Friday, June 22, 2012


Canty's secondhand bookstore, Fyshwick, Canberra.

Asleep, by Banana Yoshimoto. Have I read this?

I ask the former potter. Is this the book? Is this the book where the girl goes to visit a sick girl living in a remote house. It's near a lake. And the girl foretells the future or something. She's taken there by a boy, the girl's brother. And there's something about their mother?

Is that a banana book? Or a Murakami?

He shakes his head. He doesn't know.

The trouble is, I have trouble remembering what I've read. And I don't retain things - just the atmosphere, and one or two things. Makes rereading an adventure.

I buy the Banana book.

The National Library, Canberra: The Life of Patrick White.

Born 1912. Died 1990. Exactly the same as my father. I remember noting this at the time.

 Little Paddy's letters to the fairies, and to Santa. He wants a heap of things, including 'a little mouse that runs across the floor'. He hopes Santa won't think him greedy, but he does want these things so badly. I start to laugh - I want to laugh right out loud but people would look at me. (Since when have I worried about this?)

Paddy dressed at The Mad Hatter. Side on, striding: a formal shot.

Paddy's asthma improved so much when he went to the Blue Mountains that his mother bought a house at Winmalee.

Patrick White's manuscripts, in a loose, flowing hand. Plays he wrote.

Portraits of Patrick.

Photos of Patrick and Manoly. During the war, when they met. With their dogs.

His black knitted beanie with a pom pom on top. A photo of him in the beanie.

A re-creation of his study in London. His desk with long drawers. His typewriter, though he wrote in longhand.

Typed letters from Patrick.

The letter where he de-friends Geoffrey Dutton. 'I've had enough of Duttonry.'

Patrick with actors and actresses.

First editions of his books. Happy Valley, soon to be reprinted for the first time. I want a copy of this.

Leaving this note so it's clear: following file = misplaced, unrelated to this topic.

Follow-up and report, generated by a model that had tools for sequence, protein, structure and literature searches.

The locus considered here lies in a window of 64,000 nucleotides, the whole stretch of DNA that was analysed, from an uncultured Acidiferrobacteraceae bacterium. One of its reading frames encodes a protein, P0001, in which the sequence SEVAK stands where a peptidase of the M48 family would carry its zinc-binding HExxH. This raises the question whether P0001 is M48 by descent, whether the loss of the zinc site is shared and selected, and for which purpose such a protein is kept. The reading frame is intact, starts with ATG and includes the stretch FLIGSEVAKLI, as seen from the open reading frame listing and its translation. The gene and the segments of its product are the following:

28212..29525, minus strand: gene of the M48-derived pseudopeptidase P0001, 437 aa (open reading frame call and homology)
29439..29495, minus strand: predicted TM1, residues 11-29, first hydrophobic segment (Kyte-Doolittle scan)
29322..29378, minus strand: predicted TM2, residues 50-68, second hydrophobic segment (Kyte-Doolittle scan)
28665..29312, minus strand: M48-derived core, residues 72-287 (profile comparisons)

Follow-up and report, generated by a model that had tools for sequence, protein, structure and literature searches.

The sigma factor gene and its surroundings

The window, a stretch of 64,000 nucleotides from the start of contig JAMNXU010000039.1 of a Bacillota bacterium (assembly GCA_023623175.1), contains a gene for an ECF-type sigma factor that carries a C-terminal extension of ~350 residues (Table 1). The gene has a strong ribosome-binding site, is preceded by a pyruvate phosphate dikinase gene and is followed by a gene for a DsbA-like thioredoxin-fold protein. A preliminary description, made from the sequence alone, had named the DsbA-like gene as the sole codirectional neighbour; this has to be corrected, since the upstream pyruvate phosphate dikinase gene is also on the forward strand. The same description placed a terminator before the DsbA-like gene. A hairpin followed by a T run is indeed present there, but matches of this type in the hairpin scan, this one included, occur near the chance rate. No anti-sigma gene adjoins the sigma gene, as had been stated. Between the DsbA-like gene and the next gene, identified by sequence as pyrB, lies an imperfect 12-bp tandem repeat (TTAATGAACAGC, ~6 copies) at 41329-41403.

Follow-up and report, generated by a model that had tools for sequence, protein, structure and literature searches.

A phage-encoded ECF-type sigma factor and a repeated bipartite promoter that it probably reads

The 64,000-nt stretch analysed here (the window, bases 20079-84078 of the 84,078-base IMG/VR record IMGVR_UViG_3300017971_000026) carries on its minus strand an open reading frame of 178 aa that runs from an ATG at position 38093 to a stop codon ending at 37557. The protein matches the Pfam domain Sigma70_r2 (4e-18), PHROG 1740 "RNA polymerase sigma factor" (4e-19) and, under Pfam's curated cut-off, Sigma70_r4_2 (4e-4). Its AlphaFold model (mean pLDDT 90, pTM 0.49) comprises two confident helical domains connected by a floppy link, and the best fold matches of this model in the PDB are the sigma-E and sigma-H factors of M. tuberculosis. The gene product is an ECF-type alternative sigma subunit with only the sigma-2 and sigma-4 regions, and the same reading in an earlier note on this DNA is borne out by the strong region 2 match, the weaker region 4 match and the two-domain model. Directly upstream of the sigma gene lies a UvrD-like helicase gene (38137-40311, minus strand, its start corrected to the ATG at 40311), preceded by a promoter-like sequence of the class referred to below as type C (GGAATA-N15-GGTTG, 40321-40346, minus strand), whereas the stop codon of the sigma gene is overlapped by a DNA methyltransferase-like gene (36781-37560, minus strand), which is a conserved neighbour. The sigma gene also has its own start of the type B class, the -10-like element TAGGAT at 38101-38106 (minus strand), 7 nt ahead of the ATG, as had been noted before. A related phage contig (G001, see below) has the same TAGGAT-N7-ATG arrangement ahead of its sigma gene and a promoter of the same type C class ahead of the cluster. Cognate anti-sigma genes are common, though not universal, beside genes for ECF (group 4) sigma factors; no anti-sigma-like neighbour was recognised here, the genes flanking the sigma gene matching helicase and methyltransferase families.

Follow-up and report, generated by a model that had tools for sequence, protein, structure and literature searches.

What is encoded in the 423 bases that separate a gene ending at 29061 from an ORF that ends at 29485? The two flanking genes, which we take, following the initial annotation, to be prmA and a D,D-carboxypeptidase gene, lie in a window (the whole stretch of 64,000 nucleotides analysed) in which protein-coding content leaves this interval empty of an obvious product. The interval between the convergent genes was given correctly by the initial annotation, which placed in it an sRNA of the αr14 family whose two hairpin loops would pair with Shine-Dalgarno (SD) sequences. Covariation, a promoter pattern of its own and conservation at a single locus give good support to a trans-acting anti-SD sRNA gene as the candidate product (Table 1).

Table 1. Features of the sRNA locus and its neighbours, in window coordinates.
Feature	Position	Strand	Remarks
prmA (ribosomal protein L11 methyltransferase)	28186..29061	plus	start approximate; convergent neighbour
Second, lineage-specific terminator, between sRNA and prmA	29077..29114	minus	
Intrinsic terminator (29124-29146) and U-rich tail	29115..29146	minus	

Patrick and Manoly in their kitchen in Centennial Park.

Patrick's Nobel Prize medal, and the certificate.

I pick up free postcards at the exit/entrance. Paddy as Mad Hatter. I recall that Roky Erickson also fancy- dressed as the mad hatter as a child. There's a picture of him in the cd booklet and on the cd of True Love Casts Out all Evil. 

A bookmark. Patrick White's glasses. How apt.

He saw things differently. He makes us see differently. That's what a great writer does. He didn't like people much. He loved them so much he thought some were transcendent.

The National Portrait Gallery, Canberra:

More portraits of Patrick White. Nick Cave. The original of the William Dargie portrait of Elizabeth 11 that hung in every school.

The original picture for the Nimrod poster of Mo Rene by Martin Sharp. Martin Sharp by Gary Shead.

A photo of Lee Lin Chin, from SBS. Aboriginal Australians well represented.

Many of portraits of notable Australians. Princess Mary of Denmark. Just marry a Danish Prince. Or write nobel prize-winning books.

The former potter as we go out: That's a big building to house a few pictures.

We walk in mist around the lake. 11 degrees, and gloomy. It's not too bad. The carillon chimes. And now we're getting damp. Go into the National Gallery.

We walk around briskly.  Indoor walking track. In case of wet weather. We know this place like the backs of our hands, as they say.  Matisse. Waterlilies. The haystack. That sculpture by Modigliani. The Ballets Russes costumes. That collage by Picasso. The Asian art. The decorative arts.

Near the loos, photographs of early expeditions to Antarctica. Horses and dogs on board the ship. The huskies curled up, asleep. The animals suffered dreadfully on the long trip.

We head down the escalator. It comes to me what the book was. The Lake, I say. That book was The Lake, by Banana Yoshimoto. The one with the brother and sister, and the girl who knows them. The house was beside a lake.

I haven't read that one, says the former potter.

Last night, back at home, 1000 km or so to the north of Canberra, I started Asleep, by Banana Yoshimoto. After a few pages, I went to sleep.

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